Key Statistics for Brain and Spinal Cord Tumors

The American Cancer Society’s estimates for brain and spinal cord tumors in the United States for 2019 include both adults and children.

  • About 23,820 malignant tumors of the brain or spinal cord (13,410 in males and 10,410 in females) will be diagnosed. These numbers would be much higher if benign (non-cancer) tumors were also included.
  • About 17,760 people (9,910 males and 7,850 females) will die from brain and spinal cord tumors.

Overall, the chance that a person will develop a malignant tumor of the brain or spinal cord in his or her lifetime is less than 1%. The risk for men (about 1 in 143) is slightly higher than that for women (about 1 in 185), although certain types of tumors are more common in women.

Survival rates for brain and spinal cord tumors vary widely, depending on the type of tumor (and other factors). Rates for some of the more common types of brain and spinal cord tumors are discussed in Survival Rates for Selected Adult Brain and Spinal Cord Tumors.

Visit the American Cancer Society’s Cancer Statistics Center for more key statistics.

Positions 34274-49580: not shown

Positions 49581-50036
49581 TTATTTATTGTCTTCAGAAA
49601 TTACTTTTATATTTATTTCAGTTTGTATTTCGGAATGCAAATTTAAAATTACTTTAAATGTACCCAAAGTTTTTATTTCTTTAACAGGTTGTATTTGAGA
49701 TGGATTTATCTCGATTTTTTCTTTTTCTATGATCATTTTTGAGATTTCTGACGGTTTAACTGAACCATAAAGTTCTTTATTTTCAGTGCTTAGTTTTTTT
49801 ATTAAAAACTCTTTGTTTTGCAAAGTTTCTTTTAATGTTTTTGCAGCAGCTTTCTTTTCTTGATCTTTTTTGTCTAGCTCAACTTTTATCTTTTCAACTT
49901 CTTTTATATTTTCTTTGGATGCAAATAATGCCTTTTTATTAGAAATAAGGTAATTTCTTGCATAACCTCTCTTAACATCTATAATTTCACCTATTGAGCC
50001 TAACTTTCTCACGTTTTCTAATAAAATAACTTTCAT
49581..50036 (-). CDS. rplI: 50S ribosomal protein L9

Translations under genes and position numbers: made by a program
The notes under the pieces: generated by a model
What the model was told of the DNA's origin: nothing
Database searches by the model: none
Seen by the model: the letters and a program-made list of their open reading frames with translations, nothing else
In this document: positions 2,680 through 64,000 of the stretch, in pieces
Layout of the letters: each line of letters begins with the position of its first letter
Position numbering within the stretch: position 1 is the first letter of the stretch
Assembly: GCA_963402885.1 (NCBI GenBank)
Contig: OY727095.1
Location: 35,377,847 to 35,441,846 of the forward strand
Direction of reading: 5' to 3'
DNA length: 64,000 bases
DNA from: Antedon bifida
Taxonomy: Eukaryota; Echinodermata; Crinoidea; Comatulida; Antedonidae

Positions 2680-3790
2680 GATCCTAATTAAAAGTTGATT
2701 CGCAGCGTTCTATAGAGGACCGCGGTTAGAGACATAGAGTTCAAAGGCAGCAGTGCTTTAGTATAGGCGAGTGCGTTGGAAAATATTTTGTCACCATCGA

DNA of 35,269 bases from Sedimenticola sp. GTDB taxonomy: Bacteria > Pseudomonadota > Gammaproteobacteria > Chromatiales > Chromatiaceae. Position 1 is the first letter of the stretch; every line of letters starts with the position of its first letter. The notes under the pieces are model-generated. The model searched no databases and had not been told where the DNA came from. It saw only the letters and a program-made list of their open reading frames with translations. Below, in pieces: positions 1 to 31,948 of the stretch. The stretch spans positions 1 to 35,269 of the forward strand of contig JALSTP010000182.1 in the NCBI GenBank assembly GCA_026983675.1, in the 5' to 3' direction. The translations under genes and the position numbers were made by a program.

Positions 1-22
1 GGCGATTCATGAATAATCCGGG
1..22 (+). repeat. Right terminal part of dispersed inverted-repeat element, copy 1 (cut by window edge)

The American Cancer Society medical and editorial content team

Our team is made up of doctors and oncology certified nurses with deep knowledge of cancer care as well as journalists, editors, and translators with extensive experience in medical writing.

American Cancer Society. Cancer Facts & Figures 2019. Atlanta, Ga: American Cancer Society; 2019.

Howlader N, Noone AM, Krapcho M, et al (eds). SEER Cancer Statistics Review, 1975-2014, National Cancer Institute. Bethesda, MD, https://seer.cancer.gov/csr/1975_2014/, based on November 2016 SEER data submission, posted to the SEER web site, April 2017.

Ostrom QT, Gittleman H, Xu J, et al. CBTRUS statistical report: Primary brain and other central nervous system tumors diagnosed in the United States in 2009-2013. Neuro Oncol. 2016;18 Suppl 5:v1−v75.

Last Medical Review: March 5, 2014 Last Revised: January 8, 2019

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